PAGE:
If you’re ready to work for yourself, whether as a freelancer, contractor or small business owner, you have likely learned about branding and marketing, building a customer “funnel,” and considered how you will do your bookkeeping. But here some things I wish someone had told me when I started.

1. Define your work space.

Many of us start our solo efforts by working from home. I first used a desk in the guest room, but eventually turned that room into a full home office. If you don’t have the luxury of that much space, decide where you will work, and use that area primarily for work. (Be sure to talk to your tax advisor to learn what’s required for a home office deduction on your federal income taxes.)

When you are in your office space, you are “at work.” For some of us, it’s even more important to remember that when you aren’t in that room or at that desk, you are “off.”

Need a change of scenery? Many entrepreneurs join a co-working community or work in a coffee shop as a second (or first) option. In addition to my office, I’ve designated my back deck as a good weather workspace, especially for writing. Getting a pad and pencil, and then sitting outside often stirs creativity differently than working on a screen. My prescription sunglasses and sun umbrella have become important summer work tools.

2. Set your business hours.

This is especially important if you work from home. During your office hours, make it a rule that you can’t be interrupted without a really good reason. When I started out, I was alone most of the day, so it was self-interruptions I needed to ward against. Taking a lunch break and cleaning the kitchen was OK. Getting caught up in housework during my work hours wasn’t.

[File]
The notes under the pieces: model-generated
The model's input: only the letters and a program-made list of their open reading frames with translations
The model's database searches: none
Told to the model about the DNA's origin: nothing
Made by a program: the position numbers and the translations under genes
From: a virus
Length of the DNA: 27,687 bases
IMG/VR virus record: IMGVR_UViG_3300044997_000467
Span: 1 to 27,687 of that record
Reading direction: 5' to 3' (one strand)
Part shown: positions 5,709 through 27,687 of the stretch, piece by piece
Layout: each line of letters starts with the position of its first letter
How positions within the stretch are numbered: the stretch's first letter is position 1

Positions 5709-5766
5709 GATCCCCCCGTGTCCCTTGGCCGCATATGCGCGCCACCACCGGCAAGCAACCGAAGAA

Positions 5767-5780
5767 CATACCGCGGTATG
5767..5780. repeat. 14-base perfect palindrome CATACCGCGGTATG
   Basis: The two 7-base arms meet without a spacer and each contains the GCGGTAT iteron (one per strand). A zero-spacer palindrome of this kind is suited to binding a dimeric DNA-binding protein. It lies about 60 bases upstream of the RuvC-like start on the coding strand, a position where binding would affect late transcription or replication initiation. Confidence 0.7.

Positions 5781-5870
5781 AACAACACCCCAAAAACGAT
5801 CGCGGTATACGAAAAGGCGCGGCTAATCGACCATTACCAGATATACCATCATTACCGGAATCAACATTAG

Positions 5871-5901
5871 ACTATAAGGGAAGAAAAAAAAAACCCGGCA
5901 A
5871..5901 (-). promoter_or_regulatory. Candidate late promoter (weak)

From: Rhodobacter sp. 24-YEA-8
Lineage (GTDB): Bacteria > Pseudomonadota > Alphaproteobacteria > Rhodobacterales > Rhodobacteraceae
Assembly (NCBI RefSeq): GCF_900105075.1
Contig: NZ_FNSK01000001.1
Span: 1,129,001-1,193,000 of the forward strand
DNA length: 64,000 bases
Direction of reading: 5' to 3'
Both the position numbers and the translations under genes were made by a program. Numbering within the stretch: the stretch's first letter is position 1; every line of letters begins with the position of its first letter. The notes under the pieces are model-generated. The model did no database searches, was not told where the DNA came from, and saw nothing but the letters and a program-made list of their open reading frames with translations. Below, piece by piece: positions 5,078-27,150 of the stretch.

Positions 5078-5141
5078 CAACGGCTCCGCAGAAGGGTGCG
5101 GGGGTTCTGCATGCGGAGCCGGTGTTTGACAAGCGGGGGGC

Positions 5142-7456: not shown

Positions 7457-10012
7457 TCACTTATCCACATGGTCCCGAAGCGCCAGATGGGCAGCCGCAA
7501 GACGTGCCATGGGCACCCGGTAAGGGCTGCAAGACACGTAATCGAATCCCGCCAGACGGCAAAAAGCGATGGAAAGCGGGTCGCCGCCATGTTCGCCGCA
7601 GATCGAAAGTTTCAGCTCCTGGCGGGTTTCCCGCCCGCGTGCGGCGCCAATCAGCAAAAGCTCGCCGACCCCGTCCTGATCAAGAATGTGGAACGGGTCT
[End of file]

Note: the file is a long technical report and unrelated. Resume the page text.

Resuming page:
At my house, reducing interruptions sometimes means working with a cat in your lap or draped over your shoulder — or one in each place. This has the dual benefit of keeping you warm and them off the keyboard.

3. Track your time. All of it.

You always need to track the time you bill to clients, but it’s helpful to track the time you spend on other things as well. When starting out, you may only be billing 10 hours a week.

So where does the rest of your time go? Track it!

Marketing, networking, working on your website and other materials, bookkeeping, and even noodling about as part of the creative process are all part of your work as a business owner, even when you aren’t getting paid for it.

4. Work during your most productive hours.

We’re all more creative or more focused during certain times of day. If you are most creative during the morning, work then, and do things like bookkeeping, billing, and research in the afternoon. For the first six months, I tried to work all day, the way you do when you have an office job and a boss who expects you to be there for a certain number of set hours. I’d force myself to sit at my computer all day, even when I wasn’t actually accomplishing anything.

Over time, I discovered my most productive hours are before noon and after 2 p.m. Now I usually take a couple of hours in the middle of the day for lunch, errands, a walk, or non-work tasks. Set a schedule and rhythm that works for you. You are the boss!

Don’t be afraid to enjoy the down time.

Besides working during my productive hours, this was probably the hardest lesson. In the early years, I had seasonal ebbs when there just wasn’t as much client work. Whenever this happened, I’d panic. The reality was that I had spent the time making good connections, so something was always coming.

Those lulls don’t happen as often now, but I take advantage of them when they come. I know they’ll be balanced by crazy weeks when I’m working beyond my usual hours and on weekends. That’s why I love being self-employed: I get to find my own work-life balance and make it work for me.